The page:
May 2006
Volume 47, Issue 13
ARVO Annual Meeting Abstract  |   May 2006
Monocular Adaptation of Vestibulo–Ocular Reflex (VOR)
Author Affiliations & Notes
  • M. Sehizadeh
    University of Waterloo, Waterloo, ON, Canada
  • E. Irving
    University of Waterloo, Waterloo, ON, Canada
  • Footnotes
    Commercial Relationships  M. Sehizadeh, None; E. Irving, None.
  • Footnotes
    Support  None
Investigative Ophthalmology & Visual Science May 2006, Vol.47, 2497. doi:
  • Views
  • Share
  • Tools
    • Alerts
      This feature is available to authenticated users only.
      Sign In or Create an Account ×
    • Get Citation

      M. Sehizadeh, E. Irving; Monocular Adaptation of Vestibulo–Ocular Reflex (VOR) . Invest. Ophthalmol. Vis. Sci. 2006;47(13):2497.

      Download citation file:

      © ARVO (1962-2015); The Authors (2016-present)

  • Supplements

Purpose: : To test whether the active horizontal angular Vestibulo–Ocular Reflex (VOR) is capable of monocular adaptation in normal human adults as a result of induced anisometropia, without the confound of blur.

Methods: : Nineteen participants between 19 and 45 years of age (11 female, 8 male) wore a contact lenses/spectacles combination for 4 hours. The power of the spectacle was +5.00 diopters (D) (magnified images 8.65%) in front of the right eye and –5.00D (minified images 5.48%) for the left eye. The power of the contact lenses was equal to the subjects’ habitual correction, summed with the opposite power of the spectacle lens. Eye and head position data was collected in complete darkness, in one–minute trials before adaptation and every 30 minutes for 2 hours after adaptation, using a video–based eye tracking system, linked to head tracker. The data was analyzed offline using Fast Fourier Transform in MATHCADTM 11.1 software to calculate VOR gain. VOR gain was compared between the right eye and left eyes for the trials before and after adaptation.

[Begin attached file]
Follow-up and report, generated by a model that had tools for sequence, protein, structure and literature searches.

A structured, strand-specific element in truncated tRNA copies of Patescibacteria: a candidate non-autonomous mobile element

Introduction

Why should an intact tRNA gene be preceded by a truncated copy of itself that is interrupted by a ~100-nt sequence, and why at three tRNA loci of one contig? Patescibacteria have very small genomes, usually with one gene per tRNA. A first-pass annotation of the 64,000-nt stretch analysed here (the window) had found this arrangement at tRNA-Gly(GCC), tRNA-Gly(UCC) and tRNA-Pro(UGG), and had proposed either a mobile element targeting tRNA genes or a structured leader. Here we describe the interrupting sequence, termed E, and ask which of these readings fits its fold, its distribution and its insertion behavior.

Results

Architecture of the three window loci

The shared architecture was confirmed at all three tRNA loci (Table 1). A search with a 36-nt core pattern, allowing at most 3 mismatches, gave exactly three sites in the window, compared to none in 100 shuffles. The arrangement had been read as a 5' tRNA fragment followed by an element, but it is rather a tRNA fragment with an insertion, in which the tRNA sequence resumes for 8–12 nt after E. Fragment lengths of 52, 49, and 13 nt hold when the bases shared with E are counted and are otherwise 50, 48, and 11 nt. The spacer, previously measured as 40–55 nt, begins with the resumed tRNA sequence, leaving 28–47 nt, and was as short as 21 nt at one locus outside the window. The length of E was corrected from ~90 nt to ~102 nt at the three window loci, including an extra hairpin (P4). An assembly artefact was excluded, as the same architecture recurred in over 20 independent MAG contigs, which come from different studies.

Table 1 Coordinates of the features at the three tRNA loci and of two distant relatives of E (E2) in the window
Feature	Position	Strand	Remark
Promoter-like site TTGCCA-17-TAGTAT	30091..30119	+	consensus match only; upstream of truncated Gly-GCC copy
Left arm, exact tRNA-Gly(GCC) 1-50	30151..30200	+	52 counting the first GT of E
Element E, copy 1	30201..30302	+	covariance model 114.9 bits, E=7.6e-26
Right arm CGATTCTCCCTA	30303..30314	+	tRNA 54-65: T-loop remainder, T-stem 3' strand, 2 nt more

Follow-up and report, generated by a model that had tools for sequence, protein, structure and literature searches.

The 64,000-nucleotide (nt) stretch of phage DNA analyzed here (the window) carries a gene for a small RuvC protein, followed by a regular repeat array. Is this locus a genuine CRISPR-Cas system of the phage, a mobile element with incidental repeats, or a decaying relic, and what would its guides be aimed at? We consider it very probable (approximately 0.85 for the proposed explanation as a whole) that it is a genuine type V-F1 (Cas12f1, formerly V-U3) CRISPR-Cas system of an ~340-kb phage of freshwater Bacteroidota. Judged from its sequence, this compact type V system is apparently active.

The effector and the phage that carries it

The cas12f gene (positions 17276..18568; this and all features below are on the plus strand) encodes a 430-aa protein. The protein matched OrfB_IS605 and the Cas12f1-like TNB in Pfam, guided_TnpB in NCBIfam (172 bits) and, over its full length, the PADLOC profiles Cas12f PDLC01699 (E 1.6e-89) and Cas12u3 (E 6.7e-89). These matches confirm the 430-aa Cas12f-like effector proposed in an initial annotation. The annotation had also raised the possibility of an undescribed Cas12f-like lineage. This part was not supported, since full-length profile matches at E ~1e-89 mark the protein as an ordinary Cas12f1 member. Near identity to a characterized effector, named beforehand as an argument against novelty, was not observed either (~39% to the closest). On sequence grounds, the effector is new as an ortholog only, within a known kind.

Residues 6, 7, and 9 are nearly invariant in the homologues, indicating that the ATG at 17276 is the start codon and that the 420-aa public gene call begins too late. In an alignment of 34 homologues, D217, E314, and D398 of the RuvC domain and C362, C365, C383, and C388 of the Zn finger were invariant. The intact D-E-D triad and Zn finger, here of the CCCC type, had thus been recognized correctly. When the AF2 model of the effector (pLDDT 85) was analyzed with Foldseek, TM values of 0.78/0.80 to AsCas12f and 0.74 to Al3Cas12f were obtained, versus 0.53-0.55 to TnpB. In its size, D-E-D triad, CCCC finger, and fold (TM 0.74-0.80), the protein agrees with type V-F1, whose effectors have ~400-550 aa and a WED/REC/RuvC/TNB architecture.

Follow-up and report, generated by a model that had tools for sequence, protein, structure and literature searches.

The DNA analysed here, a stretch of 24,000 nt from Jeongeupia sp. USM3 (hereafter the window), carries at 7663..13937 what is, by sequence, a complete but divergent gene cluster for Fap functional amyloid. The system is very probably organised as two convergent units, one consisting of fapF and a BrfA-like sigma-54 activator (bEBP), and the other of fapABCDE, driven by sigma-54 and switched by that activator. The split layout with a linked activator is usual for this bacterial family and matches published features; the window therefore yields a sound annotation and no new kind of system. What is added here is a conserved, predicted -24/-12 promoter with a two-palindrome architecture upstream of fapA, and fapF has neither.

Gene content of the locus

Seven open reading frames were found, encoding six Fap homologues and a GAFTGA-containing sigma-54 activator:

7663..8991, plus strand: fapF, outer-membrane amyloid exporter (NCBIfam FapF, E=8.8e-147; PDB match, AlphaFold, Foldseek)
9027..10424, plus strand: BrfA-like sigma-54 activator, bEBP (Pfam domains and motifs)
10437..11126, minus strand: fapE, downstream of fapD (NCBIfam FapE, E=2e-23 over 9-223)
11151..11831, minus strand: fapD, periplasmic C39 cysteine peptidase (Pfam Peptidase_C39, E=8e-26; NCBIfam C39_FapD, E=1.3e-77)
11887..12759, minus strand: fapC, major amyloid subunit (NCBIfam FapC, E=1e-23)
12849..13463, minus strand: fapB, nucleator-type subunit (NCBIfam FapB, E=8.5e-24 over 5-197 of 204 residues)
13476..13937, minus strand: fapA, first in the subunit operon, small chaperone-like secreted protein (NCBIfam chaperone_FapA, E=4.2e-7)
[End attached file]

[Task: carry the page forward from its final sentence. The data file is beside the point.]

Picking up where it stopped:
Results: : In the first post–adaptation trial, a significant decrease in VOR gain (≈ 6%) occurred in the left eye in response to the miniaturizing lens. The right eye VOR gain did not show a significant change in the first post–adaptation trial (≈2% decrease). During the remaining trials in the 2 hour follow–up time, both eyes showed a significant decrease in VOR gain compared to the baseline trial.

Conclusions: : There was monocular adaptation of VOR in response to the combined contact lenses/spectacles, but only in response to the minifying lenses.

Keywords: vestibulo-ocular reflex • eye movements • ocular motor control 

This PDF is available to Subscribers Only

Sign in or purchase a subscription to access this content. ×

You must be signed into an individual account to use this feature.